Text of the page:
It would be easier if mental illness were something like cancer – something apart from you, who you are. If mental illness were like the flu, moving into and out of your life and leaving used tissues and a nasty cough in its wake, we could talk about it. Some people still talk about it that way – wanting national registries of people living with mental illness so that we can make sure they don’t get guns or bombs or large attack cats. Even using the term “mental illness” implies that it might end; that someday, you’d kick schizophrenia or bipolar out of your head like a bad ex and move on with your life.

But it’s not. Mental illness becomes you. You become mental illness. Mental illness is another layer of the onion that is you, who you are at the very epicenter of your being. It bleeds across the pages of you.

In the movie “The Matrix,” Morpheus explains to Neo why he has hair in the Matrix, but not in “real life.” In the Matrix, you look the way you think you do. Your appearance is “the mental projection of your digital self.” My mental illnesses are part of that projection. They’re who I am.

I’ve been battling depression and anxiety for so long that I have no idea what or who I would be without it. Would I still like crime shows? Do I really like action movies as much as I think I do? Would I stop developing elaborate funeral plans for myself in my head while waiting for the dentist? If I could process anger like a person without an illness, what would I have done by now? Who would I be?

Who are you, really, if you’re not what you think about? If I’m not my anxiety and my depression, then who the hell am I? Am I still a rational human being if I see events in my life in an inherently irrational way?

That’s why diagnosis is so difficult. That’s why treatment is so difficult. That’s why I’ve never really gotten help. I’m not sure what I’d be if I weren’t anxious. It’s how I think about things, see my life and my experiences. In some ways, I feel as if maybe I’m not depressed and anxious, maybe other people just aren’t depressed and anxious enough. I’m not sick, you are. I can’t imagine what it must be to have auditory and visual hallucinations that would feel as based in reality as my anxiety does to me.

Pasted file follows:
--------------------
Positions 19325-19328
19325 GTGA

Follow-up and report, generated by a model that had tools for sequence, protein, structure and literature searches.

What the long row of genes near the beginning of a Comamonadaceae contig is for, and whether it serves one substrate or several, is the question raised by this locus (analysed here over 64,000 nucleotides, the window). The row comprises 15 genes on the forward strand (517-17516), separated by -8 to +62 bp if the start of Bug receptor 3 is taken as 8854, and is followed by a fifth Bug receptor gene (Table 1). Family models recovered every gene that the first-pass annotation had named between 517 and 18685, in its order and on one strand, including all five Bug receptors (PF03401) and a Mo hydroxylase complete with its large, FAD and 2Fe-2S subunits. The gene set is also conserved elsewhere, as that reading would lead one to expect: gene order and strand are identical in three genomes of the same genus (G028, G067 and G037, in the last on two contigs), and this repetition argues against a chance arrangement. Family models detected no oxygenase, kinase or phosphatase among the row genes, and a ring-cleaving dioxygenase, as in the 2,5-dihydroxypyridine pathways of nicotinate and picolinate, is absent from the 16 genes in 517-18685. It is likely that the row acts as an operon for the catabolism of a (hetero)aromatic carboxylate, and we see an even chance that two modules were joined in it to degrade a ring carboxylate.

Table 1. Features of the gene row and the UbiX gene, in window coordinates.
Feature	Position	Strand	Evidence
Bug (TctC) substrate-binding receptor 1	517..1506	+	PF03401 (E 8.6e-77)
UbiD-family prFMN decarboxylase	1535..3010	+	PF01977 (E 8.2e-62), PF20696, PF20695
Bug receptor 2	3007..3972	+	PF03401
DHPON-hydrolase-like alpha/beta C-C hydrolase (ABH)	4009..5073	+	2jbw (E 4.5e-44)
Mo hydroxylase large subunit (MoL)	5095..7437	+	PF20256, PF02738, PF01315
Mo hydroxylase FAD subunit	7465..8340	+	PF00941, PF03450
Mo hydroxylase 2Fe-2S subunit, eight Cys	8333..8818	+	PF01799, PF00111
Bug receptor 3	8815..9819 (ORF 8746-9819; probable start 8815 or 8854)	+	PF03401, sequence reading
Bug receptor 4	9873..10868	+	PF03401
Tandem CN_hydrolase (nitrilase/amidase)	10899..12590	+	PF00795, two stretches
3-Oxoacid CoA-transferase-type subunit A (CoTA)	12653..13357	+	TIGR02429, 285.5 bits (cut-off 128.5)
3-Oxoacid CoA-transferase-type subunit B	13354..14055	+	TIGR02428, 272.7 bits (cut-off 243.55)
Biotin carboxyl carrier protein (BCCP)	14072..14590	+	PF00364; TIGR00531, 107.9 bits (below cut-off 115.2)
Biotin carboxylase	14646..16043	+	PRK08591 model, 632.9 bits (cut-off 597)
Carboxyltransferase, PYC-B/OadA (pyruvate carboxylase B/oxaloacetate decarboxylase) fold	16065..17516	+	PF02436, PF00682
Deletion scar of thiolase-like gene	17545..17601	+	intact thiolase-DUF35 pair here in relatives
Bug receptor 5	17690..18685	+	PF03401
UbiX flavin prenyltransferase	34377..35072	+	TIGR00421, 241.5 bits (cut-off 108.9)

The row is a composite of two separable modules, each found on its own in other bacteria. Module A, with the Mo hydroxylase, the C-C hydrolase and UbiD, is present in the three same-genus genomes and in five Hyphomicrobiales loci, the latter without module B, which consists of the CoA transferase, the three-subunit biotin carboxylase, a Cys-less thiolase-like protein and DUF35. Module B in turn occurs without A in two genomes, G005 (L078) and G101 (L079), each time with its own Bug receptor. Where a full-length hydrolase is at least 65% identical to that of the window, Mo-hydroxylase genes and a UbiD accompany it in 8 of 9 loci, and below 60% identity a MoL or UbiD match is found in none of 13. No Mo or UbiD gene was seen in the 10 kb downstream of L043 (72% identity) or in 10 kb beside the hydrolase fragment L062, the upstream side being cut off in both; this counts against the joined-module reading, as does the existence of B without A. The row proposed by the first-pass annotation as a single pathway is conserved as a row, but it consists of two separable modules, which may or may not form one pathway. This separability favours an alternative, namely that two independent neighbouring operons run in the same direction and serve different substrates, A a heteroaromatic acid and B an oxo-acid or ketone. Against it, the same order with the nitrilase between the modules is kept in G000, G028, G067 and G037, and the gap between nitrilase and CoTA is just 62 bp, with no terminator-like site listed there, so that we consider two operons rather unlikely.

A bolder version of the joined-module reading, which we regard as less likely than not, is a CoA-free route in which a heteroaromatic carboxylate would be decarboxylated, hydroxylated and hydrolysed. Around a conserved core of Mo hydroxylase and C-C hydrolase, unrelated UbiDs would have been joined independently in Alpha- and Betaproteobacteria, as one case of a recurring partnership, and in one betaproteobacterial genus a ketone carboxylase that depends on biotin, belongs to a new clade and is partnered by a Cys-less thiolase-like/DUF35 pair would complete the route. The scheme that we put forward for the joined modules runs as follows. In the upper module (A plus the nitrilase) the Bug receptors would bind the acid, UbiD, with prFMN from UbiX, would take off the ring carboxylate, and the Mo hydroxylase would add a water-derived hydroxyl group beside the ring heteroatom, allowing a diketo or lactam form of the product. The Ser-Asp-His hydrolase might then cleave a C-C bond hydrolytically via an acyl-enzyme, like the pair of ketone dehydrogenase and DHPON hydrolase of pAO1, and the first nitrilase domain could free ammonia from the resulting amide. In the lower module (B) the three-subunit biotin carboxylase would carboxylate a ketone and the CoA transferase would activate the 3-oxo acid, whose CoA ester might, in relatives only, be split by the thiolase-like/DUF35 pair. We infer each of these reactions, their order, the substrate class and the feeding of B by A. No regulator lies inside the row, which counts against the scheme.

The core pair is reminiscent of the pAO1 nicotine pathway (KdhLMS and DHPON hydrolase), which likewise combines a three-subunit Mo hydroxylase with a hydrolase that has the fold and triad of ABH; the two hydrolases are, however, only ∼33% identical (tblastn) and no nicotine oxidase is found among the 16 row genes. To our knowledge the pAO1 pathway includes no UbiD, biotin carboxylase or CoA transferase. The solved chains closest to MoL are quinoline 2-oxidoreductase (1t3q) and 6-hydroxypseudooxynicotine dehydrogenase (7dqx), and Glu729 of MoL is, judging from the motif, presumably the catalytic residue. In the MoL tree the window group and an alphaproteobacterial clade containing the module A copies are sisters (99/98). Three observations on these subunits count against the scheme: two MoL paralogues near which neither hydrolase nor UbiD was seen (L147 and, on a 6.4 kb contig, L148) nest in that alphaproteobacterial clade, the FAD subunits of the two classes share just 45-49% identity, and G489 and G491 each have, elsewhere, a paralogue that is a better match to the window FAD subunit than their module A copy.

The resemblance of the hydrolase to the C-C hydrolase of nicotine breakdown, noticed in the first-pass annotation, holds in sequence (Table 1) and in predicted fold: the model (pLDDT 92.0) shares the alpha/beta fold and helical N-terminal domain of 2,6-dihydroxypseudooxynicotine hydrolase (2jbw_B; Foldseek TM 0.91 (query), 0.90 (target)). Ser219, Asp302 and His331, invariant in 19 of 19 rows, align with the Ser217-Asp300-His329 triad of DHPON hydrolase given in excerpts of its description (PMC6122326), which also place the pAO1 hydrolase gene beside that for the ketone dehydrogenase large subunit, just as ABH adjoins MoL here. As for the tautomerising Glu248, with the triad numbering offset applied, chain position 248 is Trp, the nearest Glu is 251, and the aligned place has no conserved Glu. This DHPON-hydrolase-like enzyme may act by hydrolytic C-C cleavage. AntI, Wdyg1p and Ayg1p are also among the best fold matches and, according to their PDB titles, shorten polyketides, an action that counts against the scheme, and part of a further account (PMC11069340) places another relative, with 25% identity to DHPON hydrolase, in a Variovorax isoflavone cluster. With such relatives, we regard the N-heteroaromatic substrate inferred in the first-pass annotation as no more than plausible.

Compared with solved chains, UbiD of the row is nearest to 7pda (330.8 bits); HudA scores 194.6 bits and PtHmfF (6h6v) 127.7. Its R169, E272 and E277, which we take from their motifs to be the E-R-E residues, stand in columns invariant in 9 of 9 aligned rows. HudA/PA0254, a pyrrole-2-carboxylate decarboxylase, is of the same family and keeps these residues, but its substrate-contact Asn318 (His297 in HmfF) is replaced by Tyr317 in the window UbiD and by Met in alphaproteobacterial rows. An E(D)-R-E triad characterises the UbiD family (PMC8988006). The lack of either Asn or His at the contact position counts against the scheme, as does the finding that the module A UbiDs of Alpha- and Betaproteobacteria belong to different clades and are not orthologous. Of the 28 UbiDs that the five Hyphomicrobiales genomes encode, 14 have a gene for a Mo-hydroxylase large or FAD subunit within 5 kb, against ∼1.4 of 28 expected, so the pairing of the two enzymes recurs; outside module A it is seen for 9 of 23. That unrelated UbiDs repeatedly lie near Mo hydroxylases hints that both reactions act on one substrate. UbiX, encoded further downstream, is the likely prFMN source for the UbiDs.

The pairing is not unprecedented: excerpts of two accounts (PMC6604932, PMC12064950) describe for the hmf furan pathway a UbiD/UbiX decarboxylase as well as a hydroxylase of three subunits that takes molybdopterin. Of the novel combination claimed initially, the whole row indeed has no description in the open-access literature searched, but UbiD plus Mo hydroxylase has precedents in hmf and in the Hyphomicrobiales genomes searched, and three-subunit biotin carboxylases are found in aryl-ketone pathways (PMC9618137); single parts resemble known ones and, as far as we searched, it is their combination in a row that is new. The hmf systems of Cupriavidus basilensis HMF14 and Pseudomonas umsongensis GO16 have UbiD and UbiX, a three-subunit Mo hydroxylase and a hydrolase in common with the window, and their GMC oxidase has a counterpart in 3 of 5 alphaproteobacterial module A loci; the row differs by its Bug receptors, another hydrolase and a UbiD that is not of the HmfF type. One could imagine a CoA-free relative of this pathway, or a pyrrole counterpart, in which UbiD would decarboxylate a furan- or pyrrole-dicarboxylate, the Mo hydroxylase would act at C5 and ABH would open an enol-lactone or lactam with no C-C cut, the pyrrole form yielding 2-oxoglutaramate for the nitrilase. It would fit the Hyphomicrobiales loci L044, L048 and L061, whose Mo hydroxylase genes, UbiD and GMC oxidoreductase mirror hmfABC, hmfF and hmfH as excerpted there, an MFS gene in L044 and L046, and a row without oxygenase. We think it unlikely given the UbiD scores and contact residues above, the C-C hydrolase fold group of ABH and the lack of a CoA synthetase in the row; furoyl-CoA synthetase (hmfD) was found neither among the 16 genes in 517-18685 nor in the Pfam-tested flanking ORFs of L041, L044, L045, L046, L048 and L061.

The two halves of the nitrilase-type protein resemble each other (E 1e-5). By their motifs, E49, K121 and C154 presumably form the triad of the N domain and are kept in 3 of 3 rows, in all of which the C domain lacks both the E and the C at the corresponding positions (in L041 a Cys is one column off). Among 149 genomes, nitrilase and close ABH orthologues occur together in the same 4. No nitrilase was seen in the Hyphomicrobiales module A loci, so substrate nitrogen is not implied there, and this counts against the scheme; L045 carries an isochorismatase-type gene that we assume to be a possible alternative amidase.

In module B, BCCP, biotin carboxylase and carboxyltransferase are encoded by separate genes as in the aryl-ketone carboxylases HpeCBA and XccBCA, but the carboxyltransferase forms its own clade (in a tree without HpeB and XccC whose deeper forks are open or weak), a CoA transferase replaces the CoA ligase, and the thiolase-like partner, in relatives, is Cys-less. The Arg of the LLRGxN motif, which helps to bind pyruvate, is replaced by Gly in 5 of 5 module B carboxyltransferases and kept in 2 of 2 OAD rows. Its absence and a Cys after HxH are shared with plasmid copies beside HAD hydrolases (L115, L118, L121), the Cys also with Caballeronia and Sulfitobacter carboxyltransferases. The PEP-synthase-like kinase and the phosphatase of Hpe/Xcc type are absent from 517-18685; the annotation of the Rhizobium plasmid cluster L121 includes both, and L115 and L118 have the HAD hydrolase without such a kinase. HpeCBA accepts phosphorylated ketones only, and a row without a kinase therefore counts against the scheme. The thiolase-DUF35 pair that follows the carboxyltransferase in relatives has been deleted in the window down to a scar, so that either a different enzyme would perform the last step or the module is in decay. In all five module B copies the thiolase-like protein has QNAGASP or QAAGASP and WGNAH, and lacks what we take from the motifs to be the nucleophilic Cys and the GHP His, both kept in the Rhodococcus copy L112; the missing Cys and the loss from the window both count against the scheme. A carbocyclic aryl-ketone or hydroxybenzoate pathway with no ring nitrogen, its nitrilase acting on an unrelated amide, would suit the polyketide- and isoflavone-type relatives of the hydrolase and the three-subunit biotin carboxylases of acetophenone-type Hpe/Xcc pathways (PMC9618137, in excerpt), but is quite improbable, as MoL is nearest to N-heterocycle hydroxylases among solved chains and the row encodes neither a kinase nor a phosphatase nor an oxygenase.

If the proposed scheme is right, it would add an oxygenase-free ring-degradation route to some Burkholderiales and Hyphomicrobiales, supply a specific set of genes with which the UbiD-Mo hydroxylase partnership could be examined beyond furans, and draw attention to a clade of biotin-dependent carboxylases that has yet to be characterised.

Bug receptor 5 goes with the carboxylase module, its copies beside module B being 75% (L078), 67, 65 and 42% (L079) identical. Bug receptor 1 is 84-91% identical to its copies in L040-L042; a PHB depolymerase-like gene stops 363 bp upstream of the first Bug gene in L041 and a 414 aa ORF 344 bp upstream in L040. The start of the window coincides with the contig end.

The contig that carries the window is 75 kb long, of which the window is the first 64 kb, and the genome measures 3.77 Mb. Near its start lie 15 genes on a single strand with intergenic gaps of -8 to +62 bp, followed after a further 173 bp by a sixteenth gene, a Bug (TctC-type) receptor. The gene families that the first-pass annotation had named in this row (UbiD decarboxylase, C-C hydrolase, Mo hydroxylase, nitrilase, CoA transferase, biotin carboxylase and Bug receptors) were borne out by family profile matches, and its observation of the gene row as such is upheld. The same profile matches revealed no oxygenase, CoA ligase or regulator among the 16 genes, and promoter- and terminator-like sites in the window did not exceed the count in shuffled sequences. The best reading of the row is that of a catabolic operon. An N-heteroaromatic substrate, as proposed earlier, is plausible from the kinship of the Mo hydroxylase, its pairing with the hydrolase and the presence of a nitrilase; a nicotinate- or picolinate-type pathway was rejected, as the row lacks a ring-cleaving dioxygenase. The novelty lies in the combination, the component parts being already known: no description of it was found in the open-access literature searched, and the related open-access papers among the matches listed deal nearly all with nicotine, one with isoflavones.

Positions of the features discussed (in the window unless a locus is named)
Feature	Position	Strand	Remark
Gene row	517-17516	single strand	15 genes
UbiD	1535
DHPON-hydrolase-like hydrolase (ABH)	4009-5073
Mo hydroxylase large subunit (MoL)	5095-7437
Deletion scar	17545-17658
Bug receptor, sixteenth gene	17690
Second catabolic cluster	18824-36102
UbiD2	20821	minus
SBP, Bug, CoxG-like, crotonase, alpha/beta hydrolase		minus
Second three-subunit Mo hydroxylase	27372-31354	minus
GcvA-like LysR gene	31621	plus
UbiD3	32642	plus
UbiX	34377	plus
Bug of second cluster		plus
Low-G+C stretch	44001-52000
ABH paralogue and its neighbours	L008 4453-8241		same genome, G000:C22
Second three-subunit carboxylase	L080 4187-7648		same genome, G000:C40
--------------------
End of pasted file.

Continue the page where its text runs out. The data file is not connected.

It’s difficult to explain to people the difference between the sadness at losing a loved one and the depression of continuing to exist when you really have no desire to do so, when getting out of bed seems like a bell you just can’t answer, when your anxiety makes it terrifying to leave your house because you’re convinced that everyone on the other side of the door hates you and just won’t be ballsy enough to tell you, and all of this feels so goddamned rational that you just have to believe its true. How it’s not that you want to die, it’s that you want everything to just…stop.

So I get it. Really, I do. We don’t want to talk about mental illness.

But I do. I want us to talk about it, because I need to know that I can. I need to know that I can get help if I choose to pursue it, I need to know that people won’t think that I can’t handle my job or my finances because I tell them I’m struggling with my own brain, I need to know that I can feel comfortable sharing what I’m feeling without worrying about how others will see me.

If mental illnesses were like colds, we could talk about how to cure them. But they’re not, and we can’t. That doesn’t mean we can’t still talk.

Football Is Joy


This post is in response to this article.

I was not always obsessed with football. There was a time in my life when Saturdays and Sundays were just days.

I grew up in Cincinnati during the 90s, when the Bengals were about as terrible as terrible can be (seriously, look up the Bengals Wikipedia page. It’s a litany of sad.) My dad spent most games doing something else – during particularly bad seasons, he’d do home improvement projects. My parents have two decks and two ponds. That’s a lot of Sunday despair put to good use.

In addition, my dad went to Northwestern (which just won the only bowl game they’ve ever won during my dad’s lifetime) and my mom went to Carleton, so I grew up in a college football-free home.

As an incredibly awkward (fat, braces, unkempt hair, an inability to not use giant words in everyday conversation, definitely not heterosexual) kid, sports were a no-go for me. I was part of that generation of kids where either you were spectacular at sports – select soccer, AAU basketball – or you avoided them like the plague. I read a lot. I thought a lot. Maybe too much. I was very lonely, and I thought about being lonely all the time. In high school, all of this thinking would go to a very bad place and end with me spending some not-so-fun times at Children’s Hospital.